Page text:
Continuing my exploration of local yarn stores while on vacation in Toronto, on our last day we stopped at Romni Wools.
While Yarns Untangled (also in Toronto) was a terrific example of a local yarn store, Romni Wools is on the other end of the spectrum – an enormous yarn store with a selection that could keep you occupied for days! Its website confirms, “Romni is your one-stop shop for almost all natural fibre arts.”
Two stories of floor-to-ceiling fiber (or “fibre” as they spell it in Canada). I don’t know how they keep track of inventory – that’s probably a job, all on its own.
They also had the largest collection of books and magazines that I have ever seen in one place. You could spend days just perusing the magazines.
The basement is full of “sale and discontinued” items – including a lot of large-spool yarn, which might be leftovers from factory production lines. Did not look like commercial yarn, and was not labeled like commercial yarn typically is.
It is a tourist destination, all on its own. I only purchased a few items, but if I lived in Toronto, this would be a frequent stop.
Spouse and I took a much-needed week and visited Toronto. It’s an amazing city – 4th largest in North America (from the airplane it seemed enormous)! The people are friendly and even the graffiti is artistic (probably by design – but even public wall art that did not look sanctioned was artistic and not vulgar). Lots to do, lots to see, lots of great food.
Where ever I travel, I try to find a “Local Yarn Store” to visit, and I try to purchase locally-made yarn. I found two – Yarns Untangled in the hip Kensington District on Nassau Street and Romni Wools on Queen Street W. I also found a 3-story Michaels’ store, which was an adventure by itself, and had an enormous selection of yarn, but since that’s not a LYS, it doesn’t count.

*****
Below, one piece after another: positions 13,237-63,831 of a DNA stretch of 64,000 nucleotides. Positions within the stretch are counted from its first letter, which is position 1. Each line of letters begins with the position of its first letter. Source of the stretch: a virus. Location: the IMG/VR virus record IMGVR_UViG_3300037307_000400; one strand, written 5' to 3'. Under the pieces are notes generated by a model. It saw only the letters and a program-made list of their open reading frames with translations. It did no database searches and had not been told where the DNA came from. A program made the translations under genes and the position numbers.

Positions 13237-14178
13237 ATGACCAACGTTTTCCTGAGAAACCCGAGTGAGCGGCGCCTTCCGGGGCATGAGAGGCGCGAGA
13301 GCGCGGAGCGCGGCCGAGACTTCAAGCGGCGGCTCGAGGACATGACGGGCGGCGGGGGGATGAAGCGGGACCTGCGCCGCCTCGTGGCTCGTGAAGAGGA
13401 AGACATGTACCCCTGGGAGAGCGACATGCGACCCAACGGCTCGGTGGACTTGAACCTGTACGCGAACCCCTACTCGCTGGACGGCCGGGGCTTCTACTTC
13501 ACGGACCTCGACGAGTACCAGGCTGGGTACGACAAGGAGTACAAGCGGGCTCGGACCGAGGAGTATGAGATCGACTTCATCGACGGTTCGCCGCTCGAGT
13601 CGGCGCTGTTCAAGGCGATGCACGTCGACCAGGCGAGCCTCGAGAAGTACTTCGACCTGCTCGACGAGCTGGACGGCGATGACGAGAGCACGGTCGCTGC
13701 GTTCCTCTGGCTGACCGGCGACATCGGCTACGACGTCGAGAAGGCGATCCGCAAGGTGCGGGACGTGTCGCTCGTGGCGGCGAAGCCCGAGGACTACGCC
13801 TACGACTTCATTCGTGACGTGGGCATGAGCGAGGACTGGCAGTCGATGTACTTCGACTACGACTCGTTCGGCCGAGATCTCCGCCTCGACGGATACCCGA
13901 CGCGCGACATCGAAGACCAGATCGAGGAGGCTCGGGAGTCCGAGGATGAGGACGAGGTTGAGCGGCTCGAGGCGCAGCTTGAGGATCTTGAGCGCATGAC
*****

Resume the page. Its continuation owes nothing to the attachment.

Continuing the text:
Yarns Untangled is a small local craft boutique, with a lovely (if small) selection of yarn. What was interesting about the yarn selection, is that you could find boutique yarn of the same dye lot in varying weights – a neat concept. The staff was extremely friendly, and there were four people sitting around a small table knitting and chatting when I visited. If you get the chance to visit Toronto, be sure you stop by – it’s worth the visit, and if you have a less-interested spouse, there is a terrific cantina next door, with a nice selection of beer.
Had lunch with BFF B after a meeting in Indy last week. Was not in the mood to drive home, quite yet, so I asked if there was a LYS in the area. Out comes the trusty Google Maps, and we found Mass Ave Knit Shop about 10 minutes away.
Contrary to the name, Mass Ave Knit Shop is not located on Mass Ave – though, I gather that the store first opened in that general location. The current location is on Virgina Ave in the Fountain Square district of Indianapolis.
Lovely, spacious, store, with plenty of room for browsing, tables for knitting, and a classroom area off to the side. The yarn is organized by size and type, so it’s easy to find what you are looking for. The staff is friendly and helpful, and has a good understanding of the inventory. The yarns are good quality, and include both specialty yarns and Cascade yarns.
I picked up a few skeins – a turquoise silk and coordinating novelty yarn, and some dark purple and black sock yarn which might become stockings.
B and I perused for an hour and thoroughly enjoyed the experience. Definitely, worth the visit.
The stars and my schedule aligned for a visit to River Knits! I haven’t had a chance to visit in ages, and enjoyed the time perusing the store. It was a sunny afternoon, there was a class chatting amicably in back, and skeins and skeins of yarn to enjoy.
Bonus – a RK shopping bag!
Note the motto on the bag: Life’s too short for bad yarn!